Information blocking means a practice that, except as required by law or covered by an exception, is likely to interfere with access, exchange or use of electronic health information (EHI), and if conducted by a health care provider, the provider knows that the practice is unreasonable and is likely to interfere with, prevent or materially discourage access, exchange or use of EHI.

HHS requires health care providers to provide timely access to EHI while being reasonable and prudent given the circumstances.

What are these new federal rules?

Congress passed the 21st Century Cures Act and President Obama signed it into law on Dec. 13, 2016. The 21st Century Cures Act emphasizes putting patients in charge of their own health records, and requires that all hospitals give patients easy and secure access to their health information electronically, which is why you hear the term electronic health information, or EHI.

This law put two governmental agencies in charge of making this happen:

  • The Centers for Medicare and Medicaid Services (CMS) and
  • The Office of the National Coordinator for Health Information Technology (ONC)

Both CMS and ONC proposed new rules to address this in 2019 and finalized those rules on May 1, 2020. These rules are called “The Interoperability Rules.” The CMS Final Interoperability Rule defines the requirements for health care systems, while the ONC Final Interoperability Rule defines the required activities and technical requirements to avoid information blocking.

The Interoperability Rules started on April 5, 2021, with more guidance to follow in the coming years.

What information do the regulations require Avera to share with patients?

The information Avera is required to share includes:

  • Each patient’s medical records and billing records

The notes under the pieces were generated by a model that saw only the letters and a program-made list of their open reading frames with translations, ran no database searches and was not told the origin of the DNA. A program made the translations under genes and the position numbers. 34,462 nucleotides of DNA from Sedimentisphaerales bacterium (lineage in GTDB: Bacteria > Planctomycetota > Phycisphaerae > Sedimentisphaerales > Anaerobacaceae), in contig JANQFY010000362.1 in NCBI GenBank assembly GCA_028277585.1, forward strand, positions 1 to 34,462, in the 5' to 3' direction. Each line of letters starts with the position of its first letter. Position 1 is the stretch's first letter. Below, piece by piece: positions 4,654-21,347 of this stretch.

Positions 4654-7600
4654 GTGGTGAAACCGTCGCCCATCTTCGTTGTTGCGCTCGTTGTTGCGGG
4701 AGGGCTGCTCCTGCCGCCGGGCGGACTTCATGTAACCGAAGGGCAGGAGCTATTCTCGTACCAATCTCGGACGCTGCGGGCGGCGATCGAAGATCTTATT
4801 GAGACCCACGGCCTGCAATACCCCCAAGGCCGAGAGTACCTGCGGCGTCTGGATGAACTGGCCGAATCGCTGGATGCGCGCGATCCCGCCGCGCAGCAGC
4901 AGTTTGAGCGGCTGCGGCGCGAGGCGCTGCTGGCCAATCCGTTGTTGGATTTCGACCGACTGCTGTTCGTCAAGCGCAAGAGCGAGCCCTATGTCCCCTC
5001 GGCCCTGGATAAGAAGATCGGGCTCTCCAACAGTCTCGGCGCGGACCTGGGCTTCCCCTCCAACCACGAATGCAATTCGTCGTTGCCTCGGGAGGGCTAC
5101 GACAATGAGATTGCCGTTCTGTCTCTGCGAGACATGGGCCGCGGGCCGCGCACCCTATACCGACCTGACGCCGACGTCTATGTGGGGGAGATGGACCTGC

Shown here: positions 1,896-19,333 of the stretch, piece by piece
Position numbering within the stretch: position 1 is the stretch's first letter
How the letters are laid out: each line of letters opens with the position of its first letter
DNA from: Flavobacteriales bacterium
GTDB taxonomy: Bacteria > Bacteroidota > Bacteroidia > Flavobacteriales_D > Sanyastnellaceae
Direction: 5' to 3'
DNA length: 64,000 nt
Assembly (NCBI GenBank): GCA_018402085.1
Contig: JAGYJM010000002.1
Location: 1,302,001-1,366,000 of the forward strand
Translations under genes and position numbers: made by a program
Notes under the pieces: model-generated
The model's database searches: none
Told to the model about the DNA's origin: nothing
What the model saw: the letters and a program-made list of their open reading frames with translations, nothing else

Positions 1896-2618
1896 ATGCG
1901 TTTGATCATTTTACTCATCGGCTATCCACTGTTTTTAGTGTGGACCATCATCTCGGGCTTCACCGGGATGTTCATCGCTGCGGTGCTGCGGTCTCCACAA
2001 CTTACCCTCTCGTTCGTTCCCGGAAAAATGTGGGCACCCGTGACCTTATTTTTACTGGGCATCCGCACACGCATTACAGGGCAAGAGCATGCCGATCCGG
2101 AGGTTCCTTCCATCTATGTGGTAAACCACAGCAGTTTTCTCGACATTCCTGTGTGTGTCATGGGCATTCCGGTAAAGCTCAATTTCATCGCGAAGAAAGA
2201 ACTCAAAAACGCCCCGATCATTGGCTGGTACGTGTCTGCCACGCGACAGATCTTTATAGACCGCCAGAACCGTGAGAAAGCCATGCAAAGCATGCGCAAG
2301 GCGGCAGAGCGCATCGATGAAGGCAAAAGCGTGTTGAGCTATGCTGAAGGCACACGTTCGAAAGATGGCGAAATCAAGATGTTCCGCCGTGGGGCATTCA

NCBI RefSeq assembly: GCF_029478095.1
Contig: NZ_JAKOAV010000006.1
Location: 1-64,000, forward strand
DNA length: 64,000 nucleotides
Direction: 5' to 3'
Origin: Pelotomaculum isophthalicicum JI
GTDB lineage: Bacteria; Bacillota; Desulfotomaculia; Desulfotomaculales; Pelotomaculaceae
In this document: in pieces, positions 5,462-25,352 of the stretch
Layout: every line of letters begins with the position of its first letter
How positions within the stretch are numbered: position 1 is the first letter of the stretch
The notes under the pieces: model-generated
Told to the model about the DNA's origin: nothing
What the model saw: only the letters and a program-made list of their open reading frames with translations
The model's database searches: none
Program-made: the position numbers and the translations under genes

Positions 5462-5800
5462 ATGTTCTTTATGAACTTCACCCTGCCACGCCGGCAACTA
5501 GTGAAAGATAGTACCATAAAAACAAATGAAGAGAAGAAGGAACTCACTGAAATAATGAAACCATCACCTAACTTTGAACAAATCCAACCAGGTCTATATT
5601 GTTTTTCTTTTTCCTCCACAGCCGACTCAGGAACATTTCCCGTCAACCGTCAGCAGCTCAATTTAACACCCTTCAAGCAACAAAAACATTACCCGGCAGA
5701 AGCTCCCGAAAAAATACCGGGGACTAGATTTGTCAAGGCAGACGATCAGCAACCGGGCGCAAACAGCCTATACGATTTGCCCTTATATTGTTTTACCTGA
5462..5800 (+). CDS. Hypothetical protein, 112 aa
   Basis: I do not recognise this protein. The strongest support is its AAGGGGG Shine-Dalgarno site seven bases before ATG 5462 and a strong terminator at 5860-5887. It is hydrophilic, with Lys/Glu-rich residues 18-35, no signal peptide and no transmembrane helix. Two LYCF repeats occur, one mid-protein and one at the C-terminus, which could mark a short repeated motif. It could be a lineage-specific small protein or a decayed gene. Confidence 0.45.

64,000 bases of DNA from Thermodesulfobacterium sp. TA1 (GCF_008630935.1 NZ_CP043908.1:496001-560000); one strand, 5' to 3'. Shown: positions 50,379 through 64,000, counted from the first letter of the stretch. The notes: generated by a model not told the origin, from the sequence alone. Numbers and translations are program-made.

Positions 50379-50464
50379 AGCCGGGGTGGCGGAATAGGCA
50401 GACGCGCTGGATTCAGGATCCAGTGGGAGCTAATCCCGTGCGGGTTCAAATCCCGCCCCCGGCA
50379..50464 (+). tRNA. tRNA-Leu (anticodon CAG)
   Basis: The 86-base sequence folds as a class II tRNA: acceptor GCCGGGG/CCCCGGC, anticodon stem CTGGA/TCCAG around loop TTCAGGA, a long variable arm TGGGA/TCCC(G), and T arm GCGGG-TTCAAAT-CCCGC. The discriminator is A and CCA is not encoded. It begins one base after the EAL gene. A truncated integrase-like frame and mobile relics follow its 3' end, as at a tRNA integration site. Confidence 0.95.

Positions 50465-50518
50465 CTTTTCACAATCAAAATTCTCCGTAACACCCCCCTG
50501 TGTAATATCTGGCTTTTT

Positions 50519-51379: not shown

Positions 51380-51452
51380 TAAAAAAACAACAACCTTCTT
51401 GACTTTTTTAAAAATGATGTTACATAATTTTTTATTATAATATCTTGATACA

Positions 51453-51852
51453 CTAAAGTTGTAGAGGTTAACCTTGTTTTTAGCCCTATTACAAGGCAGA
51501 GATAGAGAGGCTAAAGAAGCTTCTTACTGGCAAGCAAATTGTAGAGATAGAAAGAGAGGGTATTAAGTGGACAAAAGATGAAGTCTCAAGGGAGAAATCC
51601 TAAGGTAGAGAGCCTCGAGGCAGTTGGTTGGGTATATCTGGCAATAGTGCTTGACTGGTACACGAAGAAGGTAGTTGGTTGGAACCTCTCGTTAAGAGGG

• Enrollment, payment, claims adjudication and case or medical management record systems maintained by or for a health plan
  • Records used in whole or in part to make decisions about their individual patients

For purposes of this definition, the term “record” means any item, collection or grouping of information that includes protected health information and is maintained, collected, used or disseminated by a covered entity.

What are the information blocking exceptions?

There are some exceptions where the care team does not immediately place information into the electronic medical record. In this case, your care team contacts you in another way before placing the information into your AveraChart. Please contact your clinic if you have questions about information in your AveraChart.

Where can I review government information on promoting interoperability programs?

Anyone interested in reviewing the government regulations around this can visit the Centers for Medicare and Medicaid Services website at CMS.gov.

How do I submit a complaint?

You can submit a complaint about information blocking by contacting the compliance office at Avera or by contacting the U.S. Department of Health and Human Services.

Moving Health Forward

Avera is a health ministry rooted in the Gospel. Our mission is to make a positive impact in the lives and health of persons and communities by providing quality services guided by Christian values.